NBC Sports Aims To Give Boxing a Primetime Look
The sport of boxing returned to broadcast TV on Saturday night in a big way with the first of 20 Premier Boxing Champions fights that will be seen on NBC between now and the end of the year. This weekend’s first fight featured some technical innovation, and viewers can expect more in the coming months.
“We all know this is boxing and the competition is in a 400-sq.-ft. ring, so our task is not to reinvent actual coverage but enhance it by using the roots of NBC Sports, which is to first be storytellers,” says Matt Celli, coordinating director, NBC Boxing. “How can we bring boxing back to primetime and give it a primetime look and feel?”
NEP Broadcasting remote-production trucks will be at the center of the 20-week schedule with NEP SS21 A and B units covering the biggest, A-level fights with 24 cameras (plus a blimp shot) and lesser fights produced by 17 or 18 cameras out of NCP11. There is also an advanced-technology unit on hand for the next-generation broadcast enhancements.
Celli says the team feels a huge responsibility to the sport and the legacy of boxing, a legacy that began with over-the-air broadcasters’ putting the sport of boxing front and center for decades.
“Our whole mandate for the past year,” he adds, “has been how [to] push the boundaries and get closer to the action with more information and more camera angles.”
One step was to marry the in-house presentation with the broadcast presentation so that fans at home and in the arena can have a very similar experience. A zoned audio system in the arena allows a large amount of flexibility when it comes to creating the audio experience inside the arena. At home, viewers are treated to a 5.1 surround sound experience.
That is one of the reasons that the set, ring, and lighting rig require 18 tractor-trailers to carry it all, making the boxing series more like a rock-and-roll show, according to Craig Bernstein, director of technical remote operations, NBC Sports: “It’s a massive footprint.”
The stage and lighting design was done with the assistance of Michael Marto, president/CEO, Executive Visions, and Bruce Rodgers, founder/president, Tribe, the scenic-design company behind recent Super Bowl halftime shows and more.
“For lighting, we want the viewer to turn on the TV and have an ‘oh wow’ moment,” says Celli. “It has a signature lighting package that is unique and has a multi-tiered lighting truss system with Viper, Laser, and Sharpie LED lights.”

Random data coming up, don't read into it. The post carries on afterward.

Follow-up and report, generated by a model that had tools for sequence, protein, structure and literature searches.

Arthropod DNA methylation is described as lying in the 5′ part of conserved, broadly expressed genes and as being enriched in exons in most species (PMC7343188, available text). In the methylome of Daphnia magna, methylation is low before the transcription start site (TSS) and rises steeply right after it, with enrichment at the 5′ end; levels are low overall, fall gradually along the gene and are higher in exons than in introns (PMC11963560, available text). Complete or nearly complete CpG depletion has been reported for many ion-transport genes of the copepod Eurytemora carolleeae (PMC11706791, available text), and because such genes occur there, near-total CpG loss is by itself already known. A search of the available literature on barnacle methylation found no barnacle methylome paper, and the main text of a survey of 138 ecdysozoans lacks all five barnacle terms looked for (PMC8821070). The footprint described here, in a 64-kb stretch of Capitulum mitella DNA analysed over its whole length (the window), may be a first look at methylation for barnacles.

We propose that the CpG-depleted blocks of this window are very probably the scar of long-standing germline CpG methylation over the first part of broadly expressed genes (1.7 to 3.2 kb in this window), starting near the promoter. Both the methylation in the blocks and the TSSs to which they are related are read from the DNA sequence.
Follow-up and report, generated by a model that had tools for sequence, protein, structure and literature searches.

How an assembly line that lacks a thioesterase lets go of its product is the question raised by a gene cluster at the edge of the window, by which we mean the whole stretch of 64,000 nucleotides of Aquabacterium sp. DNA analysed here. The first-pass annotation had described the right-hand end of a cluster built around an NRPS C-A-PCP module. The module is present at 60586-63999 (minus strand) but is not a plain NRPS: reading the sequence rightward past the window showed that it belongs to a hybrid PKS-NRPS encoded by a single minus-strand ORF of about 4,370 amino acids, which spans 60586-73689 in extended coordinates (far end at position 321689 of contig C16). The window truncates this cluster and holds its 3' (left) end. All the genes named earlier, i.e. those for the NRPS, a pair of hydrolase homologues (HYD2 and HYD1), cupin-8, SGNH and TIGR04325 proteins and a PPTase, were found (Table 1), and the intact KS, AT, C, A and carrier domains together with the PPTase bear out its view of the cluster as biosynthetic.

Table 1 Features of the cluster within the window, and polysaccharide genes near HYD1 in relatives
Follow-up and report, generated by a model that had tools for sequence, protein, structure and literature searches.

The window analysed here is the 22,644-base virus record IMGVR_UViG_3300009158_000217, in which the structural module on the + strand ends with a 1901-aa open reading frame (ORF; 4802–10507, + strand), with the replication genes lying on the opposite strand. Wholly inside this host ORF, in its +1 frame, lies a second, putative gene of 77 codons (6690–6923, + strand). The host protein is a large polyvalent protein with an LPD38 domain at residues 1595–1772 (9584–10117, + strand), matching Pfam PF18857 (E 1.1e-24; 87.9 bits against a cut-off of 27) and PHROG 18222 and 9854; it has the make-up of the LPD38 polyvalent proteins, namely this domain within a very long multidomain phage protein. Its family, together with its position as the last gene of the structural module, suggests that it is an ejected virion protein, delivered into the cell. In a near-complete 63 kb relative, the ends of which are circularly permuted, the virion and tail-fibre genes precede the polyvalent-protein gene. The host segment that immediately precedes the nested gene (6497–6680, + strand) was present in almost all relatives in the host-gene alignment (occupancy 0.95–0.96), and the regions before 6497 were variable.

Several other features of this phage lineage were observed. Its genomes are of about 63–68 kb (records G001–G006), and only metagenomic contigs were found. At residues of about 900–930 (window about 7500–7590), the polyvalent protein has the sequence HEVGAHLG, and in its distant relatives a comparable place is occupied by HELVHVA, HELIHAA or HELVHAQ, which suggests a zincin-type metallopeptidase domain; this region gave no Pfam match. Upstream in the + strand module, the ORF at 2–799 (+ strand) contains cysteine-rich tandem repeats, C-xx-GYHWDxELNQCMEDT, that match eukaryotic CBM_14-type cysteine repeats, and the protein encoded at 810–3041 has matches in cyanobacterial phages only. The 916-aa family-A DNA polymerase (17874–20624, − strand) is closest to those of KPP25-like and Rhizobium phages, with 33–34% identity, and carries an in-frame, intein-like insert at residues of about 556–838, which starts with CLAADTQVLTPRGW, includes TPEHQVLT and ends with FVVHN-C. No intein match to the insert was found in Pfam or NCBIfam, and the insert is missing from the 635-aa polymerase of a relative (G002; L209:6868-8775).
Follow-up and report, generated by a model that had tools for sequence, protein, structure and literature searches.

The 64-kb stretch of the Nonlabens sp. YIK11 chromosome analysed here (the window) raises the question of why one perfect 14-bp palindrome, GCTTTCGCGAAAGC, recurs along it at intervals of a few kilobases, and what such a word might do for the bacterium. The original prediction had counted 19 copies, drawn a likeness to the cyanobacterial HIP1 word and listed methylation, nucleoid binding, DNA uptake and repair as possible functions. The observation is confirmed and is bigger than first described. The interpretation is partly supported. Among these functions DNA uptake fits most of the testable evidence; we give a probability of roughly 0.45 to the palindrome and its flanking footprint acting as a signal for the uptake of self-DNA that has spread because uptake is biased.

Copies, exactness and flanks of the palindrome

The high-impact lighting system has benefits on the camera side as well. For example, three Inertia Unlimited X-Mo super-slow-motion camera systems cover the action, and, thanks to the light levels, they will be able to shoot at frame rates above 2,000 fps.
Inertia Unlimited is providing another innovation with the use of two Mattcams, robotic X-Mo units mounted flush with the top of the canvas on opposite sides of the ring to provide a dramatic view of the action.
Says Celli, “We feel it will give a unique perspective to the boxers as they are battling and also when a boxer is knocked out.”
To give the broadcast a Skycam feel, NBC Sports is deploying an 80-ft.-long JitaCam, which has a 30-ft. retractable boom and can be moved via remote control up and down the 80-ft. track.
Another enhancement is the Round-a-Bout 360-degree camera system., which has 32 remote-controlled cameras mounted in the lighting truss above the ring, and two video servers, enabling a replay operator to quickly turn around replay looks that can track around the entire ring and also stop and zoom.
“We’ll never miss a punch or flurry,” Bernstein explains. “What separates it from other systems is, there is almost zero latency for rendering.”
The launch of the series is the result of NBC’s own flurry of activity, which it pulled off while gearing up for the Super Bowl and, in a few months, for the return of NASCAR to NBC.
“It’s exciting to have boxing back in primetime,” adds Bernstein. “There is a special buzz to a fight night, especially in Vegas.”